Pfizer Forecasts $54 Billion in Sales This Year as Demand for COVID-19 Vaccine and Treatment Pill Continues

Pfizer on Tuesday said it expects to see continued demand for its products this year, forecasting $54 billion in combined sales of its COVID-19 vaccine shots and antiviral pills.

The American pharmaceutical and biotechnology giant said it expects to sell $32 billion of its vaccinations and $22 billion of its antiviral COVID-19 treatment pill Paxlovid in 2022 as demand for the products continues.

Those numbers are based on contracts signed or close to being signed as of late January, Pfizer said.

Paxlovid was authorized for emergency use by the U.S. Food and Drug Administration (FDA) in December and is aimed at helping patients who are suffering from “mild-to-moderate” COVID-19 symptoms from becoming so sick that they need to be hospitalized, Pfizer has said.

In its Fourth-Quarter and Full-Year 2021 Results forecast, Pfizer said increased sales of its COVID-19 treatments will see its revenue boosted to around $100 billion this year.

Overall, Pfizer forecast 2022 sales of $98 billion to $102 billion.

Last year, Pfizer made nearly $37 billion in sales from its COVID-19 vaccine, also known as Comirnaty, making it one of the most lucrative pharmaceutical products in history. Paxlovid sales last year totaled $76 million.

In total for the full year of 2021, Pfizer’s revenue almost doubled to $81.3 billion from $41.6 billion in 2020.

However, the company’s bumper sales faced criticism from campaigners who accused it of “pandemic profiteering” and “ripping off public health systems.”

Tim Bierley, a pharma campaigner at the group Global Justice Now, said: “The development of mRNA vaccines should have revolutionized the global COVID response. But we’ve let Pfizer withhold this essential medical innovation from much of the world, all while ripping off public health systems with an eye-watering mark-up.”

“Right now, there are billions of people who cannot access COVID-19 vaccines and treatments. Many are in countries with the facilities needed to manufacture mRNA jabs, but Pfizer’s jealous guarding of its patent stands in the way. And we’re seeing thousands of preventable deaths each day as a result.”

Bierley said Pfizer’s record-high sales were “nothing short of pandemic profiteering” and that the company was now “richer than most countries” while calling for the company to suspend its intellectual property and “break vaccine monopolies.”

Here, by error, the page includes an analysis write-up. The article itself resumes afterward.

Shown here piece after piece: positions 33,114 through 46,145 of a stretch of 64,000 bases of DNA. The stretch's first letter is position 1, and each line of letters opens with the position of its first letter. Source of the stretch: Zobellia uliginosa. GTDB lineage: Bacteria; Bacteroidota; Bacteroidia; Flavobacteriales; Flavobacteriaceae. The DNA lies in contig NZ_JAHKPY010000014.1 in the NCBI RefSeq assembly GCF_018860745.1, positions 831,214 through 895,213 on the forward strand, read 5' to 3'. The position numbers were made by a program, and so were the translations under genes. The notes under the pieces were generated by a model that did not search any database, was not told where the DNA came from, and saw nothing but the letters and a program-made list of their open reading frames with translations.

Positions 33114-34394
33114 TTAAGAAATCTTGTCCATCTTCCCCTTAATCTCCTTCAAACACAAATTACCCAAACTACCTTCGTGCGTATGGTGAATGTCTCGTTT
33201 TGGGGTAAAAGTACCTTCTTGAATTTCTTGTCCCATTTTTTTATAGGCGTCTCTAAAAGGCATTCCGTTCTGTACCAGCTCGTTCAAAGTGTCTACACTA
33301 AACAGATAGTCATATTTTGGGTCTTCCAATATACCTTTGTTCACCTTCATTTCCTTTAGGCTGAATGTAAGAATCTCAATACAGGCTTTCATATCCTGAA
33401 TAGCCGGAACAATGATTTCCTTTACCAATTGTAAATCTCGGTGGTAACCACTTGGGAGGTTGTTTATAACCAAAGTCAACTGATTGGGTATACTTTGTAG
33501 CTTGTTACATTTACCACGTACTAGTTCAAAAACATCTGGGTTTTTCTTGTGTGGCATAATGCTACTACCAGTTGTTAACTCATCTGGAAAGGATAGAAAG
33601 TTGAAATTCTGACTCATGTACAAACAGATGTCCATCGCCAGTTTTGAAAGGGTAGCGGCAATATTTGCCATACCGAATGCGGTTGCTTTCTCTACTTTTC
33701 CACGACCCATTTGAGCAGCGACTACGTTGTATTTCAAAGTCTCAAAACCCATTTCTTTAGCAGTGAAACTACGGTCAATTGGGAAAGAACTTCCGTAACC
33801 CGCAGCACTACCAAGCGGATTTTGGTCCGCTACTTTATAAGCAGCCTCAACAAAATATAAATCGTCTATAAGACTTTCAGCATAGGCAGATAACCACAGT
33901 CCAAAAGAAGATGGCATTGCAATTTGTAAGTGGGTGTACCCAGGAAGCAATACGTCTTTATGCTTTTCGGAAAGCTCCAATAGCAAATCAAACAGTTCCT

“It has made more than enough money from this crisis,” Bierley added.

Despite forecasting increased sales next year, Pfizer shares fell more than 4 percent on Tuesday as investors expected the company’s guidance on its 2022 earnings per share to be higher than $6.35 to $6.55, according to Evercore ISI analyst Umer Raffat.

Pfizer also fell short of Wall Street estimates, which had forecast sales of $33.79 billion for the COVID-19 vaccine and $22.88 billion for Paxlovid, according to Refinitiv data.

Shares of Pfizer were trading at $51.70, down 2.84 percent as of 8:16 GMT.

But Albert Bourla, chairman and CEO, said the company’s prior investments have “paid off” and the company is optimistic about this year.

“In the early days of the COVID-19 pandemic, we committed to use all of the resources and expertise we had at our disposal to help protect populations globally against this deadly virus, as well as to offer treatments to help avoid the worst outcomes when infections do occur,” Bourla said.

“We put billions of dollars of capital on the line in pursuit of those goals, not knowing whether those investments would ever pay off. Now, less than two years since we made that commitment, we are proud to say that we have delivered both the first FDA-authorized vaccine against COVID-19 (with our partner, BioNTech) and the first FDA-authorized oral treatment for COVID-19.”

“These successes have not only made a positive difference in the world, but I believe they have fundamentally changed Pfizer and its culture forever,” Bourla said, adding that he looks forward to the next breakthrough “that could change the world for patients in need.”

From The Epoch Times